A blue glow

jupiter water
The map above depicts the area where water vapor was found over the southernmost part of Europa. (Credits: NASA/ESA/L. Roth/SWRI/University of Cologne)

The spectrometer on the Hubble telescope picked up the faint light of excited oxygen and hydrogen atoms near the pole of Europa. In most cases, this is brought on by the disintegration of water molecules in response to a magnetic field. That implies that water vapor is present on Europa but at very low temperatures.

The moon Enceladus of Saturn is reported to experience a similar phenomenon. Geysers that are currently active here also send clouds of steam, ice, and dust hurtling into the void. However, only water vapor was found on Europa; whether the springs also include ice and dust particles is still unknown. Also, the origin of these springs remains unknown.

Connection to a hidden ocean

But do these openings reach the ocean under Europa’s ice crust? Or they might be created in the ice as a result of frictional stress close to the surface. In that case, there would be no need to delve into the subglacial ocean to learn more about its composition.

The water vapor auroras always appear when Jupiter’s moon is at the farthest point in its eccentric orbit. This phenomenon is likely caused by Jupiter’s tremendous gravitational pull and its tidal forces. Scientists believe that the large fractures and fissures on Europa’s ice are stretched farther away from the planet, allowing water vapor to escape. But as Europa returns to its orbit around Jupiter, the planet’s gravity squeezes the moon, causing the fractures to close.

Water vapor escaping near Europa’s south pole reinforces its status as a top contender for life in the Solar System. Europa’s subglacial ocean may provide favorable circumstances for the emergence of life, if it were connected to the surface.

Chemical reactions taking place in the ice of Europa

A dynamic surface

There are possibly more than simply an ocean and lakes full of liquid water under Europa’s ice crust: Deep under the ice, the chemical reactions could be occurring at a remarkable rate between the frozen objects. This is thought to be invaluable. For one thing, at -305°F to -225°F (-187°C to -143°C), chemical processes just cannot take place on their own and extra energy would be required for them to happen.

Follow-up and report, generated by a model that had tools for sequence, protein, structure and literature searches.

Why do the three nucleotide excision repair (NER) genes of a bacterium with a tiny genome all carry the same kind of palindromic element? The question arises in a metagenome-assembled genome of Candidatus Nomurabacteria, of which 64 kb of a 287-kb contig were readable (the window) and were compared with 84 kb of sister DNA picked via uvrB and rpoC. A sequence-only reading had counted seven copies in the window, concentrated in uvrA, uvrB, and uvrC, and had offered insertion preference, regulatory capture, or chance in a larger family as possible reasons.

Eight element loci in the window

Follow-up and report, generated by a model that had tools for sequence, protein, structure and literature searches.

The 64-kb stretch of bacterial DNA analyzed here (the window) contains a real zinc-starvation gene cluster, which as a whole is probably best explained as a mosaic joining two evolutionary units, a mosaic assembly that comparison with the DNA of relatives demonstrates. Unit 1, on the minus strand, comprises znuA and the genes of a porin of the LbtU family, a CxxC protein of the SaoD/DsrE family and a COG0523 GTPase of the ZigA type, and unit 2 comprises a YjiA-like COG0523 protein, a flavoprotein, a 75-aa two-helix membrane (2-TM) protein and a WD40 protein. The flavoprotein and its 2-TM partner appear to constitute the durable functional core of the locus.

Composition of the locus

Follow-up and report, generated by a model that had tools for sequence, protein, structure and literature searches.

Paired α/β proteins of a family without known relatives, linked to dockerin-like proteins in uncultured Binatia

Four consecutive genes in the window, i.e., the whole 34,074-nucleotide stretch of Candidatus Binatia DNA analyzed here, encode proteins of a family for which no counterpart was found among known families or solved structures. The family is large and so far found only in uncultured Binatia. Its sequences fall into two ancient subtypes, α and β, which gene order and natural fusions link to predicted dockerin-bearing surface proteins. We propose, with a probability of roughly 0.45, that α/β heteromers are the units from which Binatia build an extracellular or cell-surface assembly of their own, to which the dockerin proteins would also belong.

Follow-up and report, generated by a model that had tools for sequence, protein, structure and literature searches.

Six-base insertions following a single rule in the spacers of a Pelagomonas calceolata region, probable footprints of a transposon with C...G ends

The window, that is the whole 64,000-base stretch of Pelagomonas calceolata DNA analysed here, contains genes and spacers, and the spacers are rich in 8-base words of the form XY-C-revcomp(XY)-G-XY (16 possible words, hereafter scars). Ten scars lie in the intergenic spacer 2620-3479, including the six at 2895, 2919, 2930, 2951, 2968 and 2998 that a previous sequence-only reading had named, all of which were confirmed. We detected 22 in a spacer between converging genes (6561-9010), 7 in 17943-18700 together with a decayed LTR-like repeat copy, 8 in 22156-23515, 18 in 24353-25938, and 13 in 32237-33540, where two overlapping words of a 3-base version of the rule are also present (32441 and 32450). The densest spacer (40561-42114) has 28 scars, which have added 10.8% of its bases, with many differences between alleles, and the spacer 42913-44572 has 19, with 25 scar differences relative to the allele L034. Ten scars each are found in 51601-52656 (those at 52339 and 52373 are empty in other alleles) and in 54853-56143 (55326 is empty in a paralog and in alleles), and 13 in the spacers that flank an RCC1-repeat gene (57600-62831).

Jupiter as an energy supplier

europa chemicals
The areas where chemical substances have altered the ice are highlighted in false color. Acids and salts are seen in red. (NASA/JPL)

In theory, Jupiter provides one such energy supply. There is a steady release of radiation and energetic particles into the atmosphere through its radiation belts. If they were to land on Europa, they would set off chemical reactions. Nonetheless, these particles often only go down a few millimeters into the ice. For this reason, it was widely believed that considerable chemical activity could not have persisted in the depths of Europa’s ice crust.

However, this extra energy is actually still achievable without radiation and particle flow from Jupiter. Scientists conducted experiments in a high-vacuum room cooled to 50 to 100 Kelvin (minus 223° to minus 173°C) by spraying water vapor and sulfur dioxide gas onto mirrors. Instantaneously, the vapors froze into solid ice. Previous satellite observations have confirmed the presence of sulfur in Europa’s ice, most likely from the ice volcanoes on Jupiter’s moon Io but also from Europa’s subglacial ocean. However, what happened to this sulfur thereafter was a mystery.

The -280°F reaction

europa 2
Do chemical processes take place on Europe’s ice cap? (NASA/JPL)

The scientists then observed the changes in the reaction chamber using infrared spectroscopy. Despite the subzero temperatures, the sulfur dioxide nevertheless managed to react with the water molecules, resulting in the formation of positive and negative ions. This reaction occurred very instantly at a temperature of -225°F (-143°C). After around half a day to a day at -280°F (-173°C), the reaction reached saturation.

A day may not seem like a little amount of time, but now compare it to the age of Europa, 4.5 billion years. After all, the process in the laboratory surprisingly transformed around 30% of the sulfur dioxide. What’s more, the positive and negative ions formed in this reaction readily combined with other molecules, triggering even other reactions.

What if the crust were more dynamic than we realized?

After this, they added carbon dioxide to the mixture to see whether the process would still occur in carbon dioxide ice, simulating the circumstances on Europa. This also froze up instantly on the mirrors while not halting the continuing reaction. If the frozen carbon dioxide had prevented the reaction this whole theory would have failed.

This, however, implies that Europa’s ice, and maybe the ice of other frozen moons like Ganymede and Callisto, may be chemically active. This means the sulfur dioxide under the surface of Europa is possibly interacting and forming chemical compounds, paving the way for the possibility of life.

By Jim Collins has Jim Collins on staff as a space writer. Jim is passionate about all things astronomical and space-related and always relishes the chance to explore more.